Today's Devotional

Judging in Word and Act (4 May)

Show a gentle attitude toward everyone. The Lord is coming soon. Don't worry about anything, but in all your prayers ask God for what you need, always asking him with a thankful heart. And God's peace, which is far beyond human understanding, will keep your hearts and minds safe in union with Christ Jesus. In conclusion, my friends, fill your minds with those things that are good and that deserve praise: things that are true, noble, right, pure, lovely, and honorable. Put into practice what you learned and received from me, both from my words and from my actions. And the God who gives us peace will be with you.
Philippians 4:5-9

We have heard a lot about the New Testament injunction not to judge. What does it mean to judge? Usually by judging we mean condemnation. In other words, coming to someone and telling them they are wrong because of their actions, and even punishing them. Jesus said he did not come into the world to judge the world but rather to call people to repentance and to offer salvation by grace.

But judging your neighbor is often expressed in more subtle ways. We judge people in our hearts. Jesus determined that we should cleanse our heart from all thought or intention to sin. For example, getting angry with your brother is like murder, and looking at a woman with sexual desire counts as adultery. Judging too is a matter of the heart; it is enough to think badly of them.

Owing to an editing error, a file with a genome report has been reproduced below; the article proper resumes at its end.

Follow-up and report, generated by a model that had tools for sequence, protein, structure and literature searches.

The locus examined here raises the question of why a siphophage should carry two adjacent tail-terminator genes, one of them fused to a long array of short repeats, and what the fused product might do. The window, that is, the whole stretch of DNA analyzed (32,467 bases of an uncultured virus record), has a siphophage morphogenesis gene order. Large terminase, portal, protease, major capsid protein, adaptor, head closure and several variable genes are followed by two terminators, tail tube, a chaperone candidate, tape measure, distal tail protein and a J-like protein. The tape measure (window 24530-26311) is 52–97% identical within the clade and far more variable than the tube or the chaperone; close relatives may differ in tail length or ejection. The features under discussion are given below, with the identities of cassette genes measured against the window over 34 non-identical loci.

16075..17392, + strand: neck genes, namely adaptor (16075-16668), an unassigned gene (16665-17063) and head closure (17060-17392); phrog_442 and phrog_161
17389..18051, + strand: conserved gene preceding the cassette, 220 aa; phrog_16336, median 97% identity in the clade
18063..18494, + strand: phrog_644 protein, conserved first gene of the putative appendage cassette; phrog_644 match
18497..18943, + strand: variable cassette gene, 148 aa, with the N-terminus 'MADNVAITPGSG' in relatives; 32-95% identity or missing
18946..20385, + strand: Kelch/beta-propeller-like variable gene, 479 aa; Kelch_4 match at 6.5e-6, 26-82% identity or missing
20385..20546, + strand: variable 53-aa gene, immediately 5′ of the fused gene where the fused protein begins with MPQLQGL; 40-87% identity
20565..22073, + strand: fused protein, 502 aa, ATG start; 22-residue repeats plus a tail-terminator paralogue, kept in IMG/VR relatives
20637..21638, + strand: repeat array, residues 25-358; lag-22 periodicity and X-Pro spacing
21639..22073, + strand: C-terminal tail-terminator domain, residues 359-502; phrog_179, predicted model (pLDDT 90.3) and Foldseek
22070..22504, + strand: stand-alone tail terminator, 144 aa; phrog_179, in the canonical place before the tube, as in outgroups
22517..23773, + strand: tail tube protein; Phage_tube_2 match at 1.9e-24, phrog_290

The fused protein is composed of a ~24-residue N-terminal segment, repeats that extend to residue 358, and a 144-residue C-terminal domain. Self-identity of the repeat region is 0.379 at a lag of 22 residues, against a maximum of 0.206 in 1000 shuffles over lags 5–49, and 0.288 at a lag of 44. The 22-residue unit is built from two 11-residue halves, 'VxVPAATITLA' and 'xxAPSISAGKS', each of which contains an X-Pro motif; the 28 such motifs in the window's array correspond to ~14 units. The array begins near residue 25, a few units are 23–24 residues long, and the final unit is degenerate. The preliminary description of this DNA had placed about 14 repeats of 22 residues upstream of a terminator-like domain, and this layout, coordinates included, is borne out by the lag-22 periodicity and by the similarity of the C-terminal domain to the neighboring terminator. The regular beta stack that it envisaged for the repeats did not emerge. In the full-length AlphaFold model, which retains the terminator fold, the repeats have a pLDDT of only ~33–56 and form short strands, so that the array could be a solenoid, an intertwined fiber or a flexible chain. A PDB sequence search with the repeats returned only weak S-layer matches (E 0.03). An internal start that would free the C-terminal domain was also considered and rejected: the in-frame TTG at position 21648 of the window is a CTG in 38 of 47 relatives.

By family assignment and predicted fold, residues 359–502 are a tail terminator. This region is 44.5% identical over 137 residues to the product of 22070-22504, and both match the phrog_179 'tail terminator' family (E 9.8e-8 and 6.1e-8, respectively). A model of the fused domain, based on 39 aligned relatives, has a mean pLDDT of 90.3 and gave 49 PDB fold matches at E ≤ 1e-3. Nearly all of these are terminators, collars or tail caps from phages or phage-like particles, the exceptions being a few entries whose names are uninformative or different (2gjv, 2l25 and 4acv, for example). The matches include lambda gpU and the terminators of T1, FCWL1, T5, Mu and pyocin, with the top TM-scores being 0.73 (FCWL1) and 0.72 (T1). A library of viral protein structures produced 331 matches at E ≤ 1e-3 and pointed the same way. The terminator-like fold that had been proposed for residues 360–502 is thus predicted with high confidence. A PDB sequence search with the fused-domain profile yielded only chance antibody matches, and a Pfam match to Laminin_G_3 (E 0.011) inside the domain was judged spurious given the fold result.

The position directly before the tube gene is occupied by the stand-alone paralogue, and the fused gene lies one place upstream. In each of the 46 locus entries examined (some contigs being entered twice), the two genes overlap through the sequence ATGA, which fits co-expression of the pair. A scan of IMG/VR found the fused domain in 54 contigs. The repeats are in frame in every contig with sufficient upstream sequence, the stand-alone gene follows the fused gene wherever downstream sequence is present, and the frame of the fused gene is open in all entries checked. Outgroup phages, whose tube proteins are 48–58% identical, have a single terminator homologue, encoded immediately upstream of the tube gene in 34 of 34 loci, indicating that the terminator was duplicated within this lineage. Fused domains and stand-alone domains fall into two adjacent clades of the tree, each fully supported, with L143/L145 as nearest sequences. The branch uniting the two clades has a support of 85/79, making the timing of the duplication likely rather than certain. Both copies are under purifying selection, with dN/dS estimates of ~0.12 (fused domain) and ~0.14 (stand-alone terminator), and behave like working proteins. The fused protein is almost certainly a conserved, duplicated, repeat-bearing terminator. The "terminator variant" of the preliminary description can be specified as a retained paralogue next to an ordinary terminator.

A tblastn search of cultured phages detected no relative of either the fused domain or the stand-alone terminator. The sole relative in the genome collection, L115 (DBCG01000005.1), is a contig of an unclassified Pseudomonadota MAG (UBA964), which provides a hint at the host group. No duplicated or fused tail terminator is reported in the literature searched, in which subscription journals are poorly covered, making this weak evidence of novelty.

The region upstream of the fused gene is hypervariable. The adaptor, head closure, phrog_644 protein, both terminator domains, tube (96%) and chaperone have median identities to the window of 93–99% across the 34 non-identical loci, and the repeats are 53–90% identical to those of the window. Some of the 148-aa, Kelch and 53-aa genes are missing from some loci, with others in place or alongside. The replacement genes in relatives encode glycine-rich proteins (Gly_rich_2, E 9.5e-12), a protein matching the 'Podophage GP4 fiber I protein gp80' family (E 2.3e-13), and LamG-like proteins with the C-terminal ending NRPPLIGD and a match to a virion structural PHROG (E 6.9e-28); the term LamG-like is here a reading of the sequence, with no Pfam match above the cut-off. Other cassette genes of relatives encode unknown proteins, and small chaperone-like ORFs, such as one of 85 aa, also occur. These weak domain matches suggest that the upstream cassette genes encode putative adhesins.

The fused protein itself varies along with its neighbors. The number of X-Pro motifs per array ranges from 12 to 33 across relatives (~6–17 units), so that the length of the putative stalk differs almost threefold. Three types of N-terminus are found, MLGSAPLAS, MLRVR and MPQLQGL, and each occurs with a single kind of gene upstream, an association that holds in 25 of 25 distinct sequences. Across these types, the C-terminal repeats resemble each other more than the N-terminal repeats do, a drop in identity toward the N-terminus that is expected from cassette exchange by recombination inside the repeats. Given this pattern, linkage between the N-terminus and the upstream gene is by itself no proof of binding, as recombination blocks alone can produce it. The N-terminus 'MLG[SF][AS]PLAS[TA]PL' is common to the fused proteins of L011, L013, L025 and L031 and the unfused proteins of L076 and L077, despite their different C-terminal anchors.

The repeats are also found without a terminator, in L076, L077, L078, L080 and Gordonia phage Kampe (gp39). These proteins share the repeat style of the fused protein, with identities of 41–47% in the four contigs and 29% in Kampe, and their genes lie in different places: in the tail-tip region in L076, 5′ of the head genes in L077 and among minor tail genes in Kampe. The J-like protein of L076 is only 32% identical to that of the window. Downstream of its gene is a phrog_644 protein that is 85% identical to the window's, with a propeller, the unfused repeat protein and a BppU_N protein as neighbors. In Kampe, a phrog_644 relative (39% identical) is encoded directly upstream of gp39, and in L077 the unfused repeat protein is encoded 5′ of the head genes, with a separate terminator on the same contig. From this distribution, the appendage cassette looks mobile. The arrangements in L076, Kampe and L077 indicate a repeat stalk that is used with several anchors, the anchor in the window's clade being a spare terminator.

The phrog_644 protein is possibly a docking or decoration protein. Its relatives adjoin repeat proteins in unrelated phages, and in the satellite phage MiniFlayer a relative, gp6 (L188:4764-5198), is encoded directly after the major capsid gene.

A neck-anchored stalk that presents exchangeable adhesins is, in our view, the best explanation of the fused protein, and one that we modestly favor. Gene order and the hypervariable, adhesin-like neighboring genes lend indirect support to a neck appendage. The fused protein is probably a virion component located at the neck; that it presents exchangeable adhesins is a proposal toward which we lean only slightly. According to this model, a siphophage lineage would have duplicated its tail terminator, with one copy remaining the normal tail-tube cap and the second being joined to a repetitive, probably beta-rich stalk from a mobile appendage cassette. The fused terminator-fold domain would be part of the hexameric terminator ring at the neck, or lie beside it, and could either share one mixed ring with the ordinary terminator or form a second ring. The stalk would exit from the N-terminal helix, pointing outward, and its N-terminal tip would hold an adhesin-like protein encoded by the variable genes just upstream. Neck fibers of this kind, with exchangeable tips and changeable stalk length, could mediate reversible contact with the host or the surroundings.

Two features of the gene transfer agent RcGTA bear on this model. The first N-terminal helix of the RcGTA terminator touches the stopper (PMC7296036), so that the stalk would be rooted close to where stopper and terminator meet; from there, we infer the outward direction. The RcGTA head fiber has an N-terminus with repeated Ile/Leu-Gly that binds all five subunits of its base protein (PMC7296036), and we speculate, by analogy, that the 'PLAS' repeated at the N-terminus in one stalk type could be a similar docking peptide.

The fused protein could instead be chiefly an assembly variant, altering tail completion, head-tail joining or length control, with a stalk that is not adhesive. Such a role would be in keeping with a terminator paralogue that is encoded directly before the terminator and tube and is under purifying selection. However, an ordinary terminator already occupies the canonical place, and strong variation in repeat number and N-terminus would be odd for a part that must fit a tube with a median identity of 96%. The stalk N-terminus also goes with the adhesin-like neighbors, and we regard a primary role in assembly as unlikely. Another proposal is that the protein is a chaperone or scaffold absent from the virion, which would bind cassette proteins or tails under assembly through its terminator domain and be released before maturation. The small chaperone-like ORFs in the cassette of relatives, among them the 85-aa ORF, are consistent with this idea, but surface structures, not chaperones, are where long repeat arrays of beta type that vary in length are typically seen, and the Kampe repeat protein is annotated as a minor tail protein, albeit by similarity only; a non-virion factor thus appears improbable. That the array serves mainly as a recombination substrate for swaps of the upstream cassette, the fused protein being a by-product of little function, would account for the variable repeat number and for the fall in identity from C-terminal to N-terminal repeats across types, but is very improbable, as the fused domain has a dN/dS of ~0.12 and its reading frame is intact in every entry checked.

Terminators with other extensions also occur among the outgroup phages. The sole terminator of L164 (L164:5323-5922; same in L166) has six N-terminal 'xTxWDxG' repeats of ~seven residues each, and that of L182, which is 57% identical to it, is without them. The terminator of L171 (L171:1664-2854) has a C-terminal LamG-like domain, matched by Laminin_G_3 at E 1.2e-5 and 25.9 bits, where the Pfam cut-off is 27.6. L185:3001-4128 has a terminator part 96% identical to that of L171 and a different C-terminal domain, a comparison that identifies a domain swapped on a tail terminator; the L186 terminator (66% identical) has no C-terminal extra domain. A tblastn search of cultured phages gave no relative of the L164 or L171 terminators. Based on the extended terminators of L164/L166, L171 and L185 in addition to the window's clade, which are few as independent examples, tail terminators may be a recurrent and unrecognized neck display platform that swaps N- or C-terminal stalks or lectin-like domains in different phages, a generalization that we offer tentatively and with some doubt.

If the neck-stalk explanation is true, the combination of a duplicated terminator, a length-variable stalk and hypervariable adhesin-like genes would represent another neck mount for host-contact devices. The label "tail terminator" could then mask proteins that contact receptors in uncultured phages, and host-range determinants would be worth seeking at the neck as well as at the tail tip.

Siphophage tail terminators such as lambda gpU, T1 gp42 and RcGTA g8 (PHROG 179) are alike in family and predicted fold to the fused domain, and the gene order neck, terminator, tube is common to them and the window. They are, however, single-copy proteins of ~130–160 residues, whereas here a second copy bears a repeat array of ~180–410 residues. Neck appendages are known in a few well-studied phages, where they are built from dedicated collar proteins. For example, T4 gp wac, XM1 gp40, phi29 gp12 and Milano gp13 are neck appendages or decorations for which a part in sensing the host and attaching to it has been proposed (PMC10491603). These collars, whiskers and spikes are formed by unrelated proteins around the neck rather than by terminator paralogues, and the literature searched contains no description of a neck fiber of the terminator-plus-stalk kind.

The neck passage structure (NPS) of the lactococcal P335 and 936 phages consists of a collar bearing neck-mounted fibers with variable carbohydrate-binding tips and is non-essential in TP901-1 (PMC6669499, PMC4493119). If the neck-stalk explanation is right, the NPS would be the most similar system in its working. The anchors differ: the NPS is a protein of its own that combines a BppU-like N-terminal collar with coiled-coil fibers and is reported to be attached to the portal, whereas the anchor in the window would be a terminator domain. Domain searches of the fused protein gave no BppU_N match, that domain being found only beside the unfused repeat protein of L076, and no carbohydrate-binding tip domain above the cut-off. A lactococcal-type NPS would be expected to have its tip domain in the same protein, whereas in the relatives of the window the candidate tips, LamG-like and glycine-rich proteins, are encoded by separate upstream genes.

Another subtle expression of judging my neighbor is when I say negative things about him. We may be in the habit of saying highly charged things in a spirit of criticism and contempt. If we say something not in a spirit of love, we hurt others and sin against them. It is not easy to control our tongue! The words that come out of the mouth start in the heart. How often during the day we think badly of some person or group or organization, and then we say negative things about them to a third party. I am very sorry to say that I catch myself saying negative things even about believing individuals or organizations. How sad that we hurt precisely those who are close to us, like friends or family or members of our congregation.

We need to guard our mouth and keep ourselves from expressing anger, mockery, or contempt. Along with that, we must check ourselves and stop thinking evil of others. Instead, let us think good of them. As Paul wrote to the Philippians, let our heart dwell on pleasant things, on what is pure and worthy of praise. Changing the way we think will also change the way we act.

And what is the reward? God promises his peace. Jesus said that he who lives by the sword will die by the sword. If we live by words of belittlement and condemnation, we are liable to receive in exchange argument and rejection. Let us choose the higher way!

- 4 MAY -

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